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Artificial Intelligence and Machine Learning

The 20th annual ACM North American computer chess championship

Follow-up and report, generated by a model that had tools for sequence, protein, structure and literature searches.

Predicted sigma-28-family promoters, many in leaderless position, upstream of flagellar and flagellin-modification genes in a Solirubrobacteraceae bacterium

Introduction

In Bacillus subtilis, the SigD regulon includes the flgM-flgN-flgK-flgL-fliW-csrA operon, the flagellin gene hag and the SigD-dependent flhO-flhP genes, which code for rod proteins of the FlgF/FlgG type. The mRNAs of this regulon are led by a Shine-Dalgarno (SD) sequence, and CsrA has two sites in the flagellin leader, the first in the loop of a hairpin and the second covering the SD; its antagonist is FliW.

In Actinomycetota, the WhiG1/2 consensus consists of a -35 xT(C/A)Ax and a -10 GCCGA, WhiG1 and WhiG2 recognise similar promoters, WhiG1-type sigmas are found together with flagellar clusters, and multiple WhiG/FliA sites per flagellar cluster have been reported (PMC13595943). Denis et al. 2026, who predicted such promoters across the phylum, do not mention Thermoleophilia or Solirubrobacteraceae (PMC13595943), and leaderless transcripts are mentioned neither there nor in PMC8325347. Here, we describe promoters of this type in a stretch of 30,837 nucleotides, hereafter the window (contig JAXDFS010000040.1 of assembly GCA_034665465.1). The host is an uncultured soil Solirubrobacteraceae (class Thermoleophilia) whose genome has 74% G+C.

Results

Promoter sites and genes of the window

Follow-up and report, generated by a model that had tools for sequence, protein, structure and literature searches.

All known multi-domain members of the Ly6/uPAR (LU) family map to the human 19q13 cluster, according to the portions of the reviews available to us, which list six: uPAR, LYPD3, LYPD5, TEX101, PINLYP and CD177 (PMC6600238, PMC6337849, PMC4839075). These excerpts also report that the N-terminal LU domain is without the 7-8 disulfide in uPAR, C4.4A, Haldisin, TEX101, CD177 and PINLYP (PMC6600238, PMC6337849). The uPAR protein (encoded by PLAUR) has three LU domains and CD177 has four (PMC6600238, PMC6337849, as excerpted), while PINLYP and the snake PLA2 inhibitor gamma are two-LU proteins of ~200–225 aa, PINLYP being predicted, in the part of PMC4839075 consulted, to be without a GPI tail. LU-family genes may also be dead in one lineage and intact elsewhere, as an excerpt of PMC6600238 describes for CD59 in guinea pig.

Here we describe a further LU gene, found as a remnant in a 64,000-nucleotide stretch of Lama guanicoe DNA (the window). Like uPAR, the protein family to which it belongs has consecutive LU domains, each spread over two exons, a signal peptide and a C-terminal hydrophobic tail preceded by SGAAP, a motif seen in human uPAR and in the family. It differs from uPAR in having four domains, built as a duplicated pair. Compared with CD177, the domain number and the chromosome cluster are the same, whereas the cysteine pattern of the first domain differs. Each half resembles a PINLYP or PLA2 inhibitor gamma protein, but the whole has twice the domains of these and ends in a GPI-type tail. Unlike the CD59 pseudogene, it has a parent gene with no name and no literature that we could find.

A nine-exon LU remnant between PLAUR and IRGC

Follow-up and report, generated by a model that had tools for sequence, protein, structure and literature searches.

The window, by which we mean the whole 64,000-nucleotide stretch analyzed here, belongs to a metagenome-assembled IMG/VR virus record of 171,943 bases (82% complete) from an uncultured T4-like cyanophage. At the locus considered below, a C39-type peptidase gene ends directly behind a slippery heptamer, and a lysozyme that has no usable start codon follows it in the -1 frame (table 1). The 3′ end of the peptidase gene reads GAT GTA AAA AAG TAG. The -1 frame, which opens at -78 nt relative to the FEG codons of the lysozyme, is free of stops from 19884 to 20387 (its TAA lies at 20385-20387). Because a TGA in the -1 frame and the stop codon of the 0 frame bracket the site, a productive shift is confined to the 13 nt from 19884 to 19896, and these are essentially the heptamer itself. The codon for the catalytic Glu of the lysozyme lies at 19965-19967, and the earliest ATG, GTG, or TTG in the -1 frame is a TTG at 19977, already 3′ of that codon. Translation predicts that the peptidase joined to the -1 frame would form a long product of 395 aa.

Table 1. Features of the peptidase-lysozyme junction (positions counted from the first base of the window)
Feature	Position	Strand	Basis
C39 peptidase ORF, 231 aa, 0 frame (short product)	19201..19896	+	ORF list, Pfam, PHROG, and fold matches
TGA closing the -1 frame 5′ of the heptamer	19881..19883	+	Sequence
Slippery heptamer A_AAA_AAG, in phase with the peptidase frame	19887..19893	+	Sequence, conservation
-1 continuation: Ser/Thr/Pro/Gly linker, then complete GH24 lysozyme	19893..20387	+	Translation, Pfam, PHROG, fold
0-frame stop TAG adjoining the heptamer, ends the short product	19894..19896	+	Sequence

Despite entering ranked almost a class above the field, a last-round loss forced DEEP THOUGHT to settle for a first-place tie with HITECH at the 20th Annual ACM North American Computer Chess Championship. The five-round Swiss-style tournament was held November 12-15 at Bally's-Reno in conjunction with Supercomputing '89. It marked the twentieth consecutive year that ACM has organized this major chess event. Until 1988, the tournament took place at the Annual ACM Conferences. In 1988 and again this year, however, the event was hosted by the joint ACM SIGARCH/IEEE Computer Society Supercomputing Conference. Ten teams participated in the strongest computer chess tournament in history. Every program was playing at least at the Expert level. This year's tournament offered $5000 in prizes. HITECH and DEEP THOUGHT's programmers each won $2000 for their first-place tie while MEPHISTO X and BEBE's programmers split the $1000 third-place prize. In addition to the cash prizes, trophies were awarded to the first three finishers. A special trophy was given to MEPHISTO X as the “Best Small Computing System.” A Technical Session chaired by Tony Marsland was held during the championship. The topic of the session was endgame play by computers. Once upon a time computers played the endgame particularly badly, but this is no longer the case. The session considered some of the improvements and some of the problems that remain. David Levy served as Tournament Director, returning after a layoff of almost a decade. He served as TD for the first time in 1971, continuing into the early 1980s when his own programs began to compete. Levy will take on DEEP THOUGHT in London in a four-game match in December.* In 1978, he won a bet made in 1968 that no computer would defeat him during the following ten years. This time he appears to be the underdog. Attending the championship as an Honored Guest was Ben Mittman. Mittman was head of Northwestern University's Vogelback Computing Center during the years that Slate, Atkin, and Gorlen's programs dominated the ACM events. Some give him credit for being Northwestern University's greatest and most successful “coach.” From 1971 through 1983, Ben also was involved in the organization of the tournaments, From 1977 through 1983, Ben served as the first president of the International Computer Chess Association. He was also the first editor of what is now called the ICCA Journal, the main journal for technical papers on computer chess. This year the championship is scheduled to be a part of Supercomputing '90 in New York City on November 11-14. The 1990 event will see the first major change in the tournament rules. For the last 20 years, the rules have specified that each player is given two hours to make the first 40 moves and an additional hour for each 20 moves thereafter. Games frequently lasted more than six hours. This year, each computer will be required to make all its moves in two hours, thus guaranteeing that no game will last more than four hours. In addition to the main championship, a special endgame tournament will be held testing the programs' abilities in this special part of the game. For the first time at Supercomputing '90, all games will be played during the day beginning at 1:OO p.m.—except for one 7:00 p.m. Sunday evening game on the 11th. The event will be a five-round Swiss-style tournament. For information contact Professor Monty Newborn, School of Computer Science, McGill University, 3480 University Street, Montreal, Quebec, Canada, H3A. 2A7.

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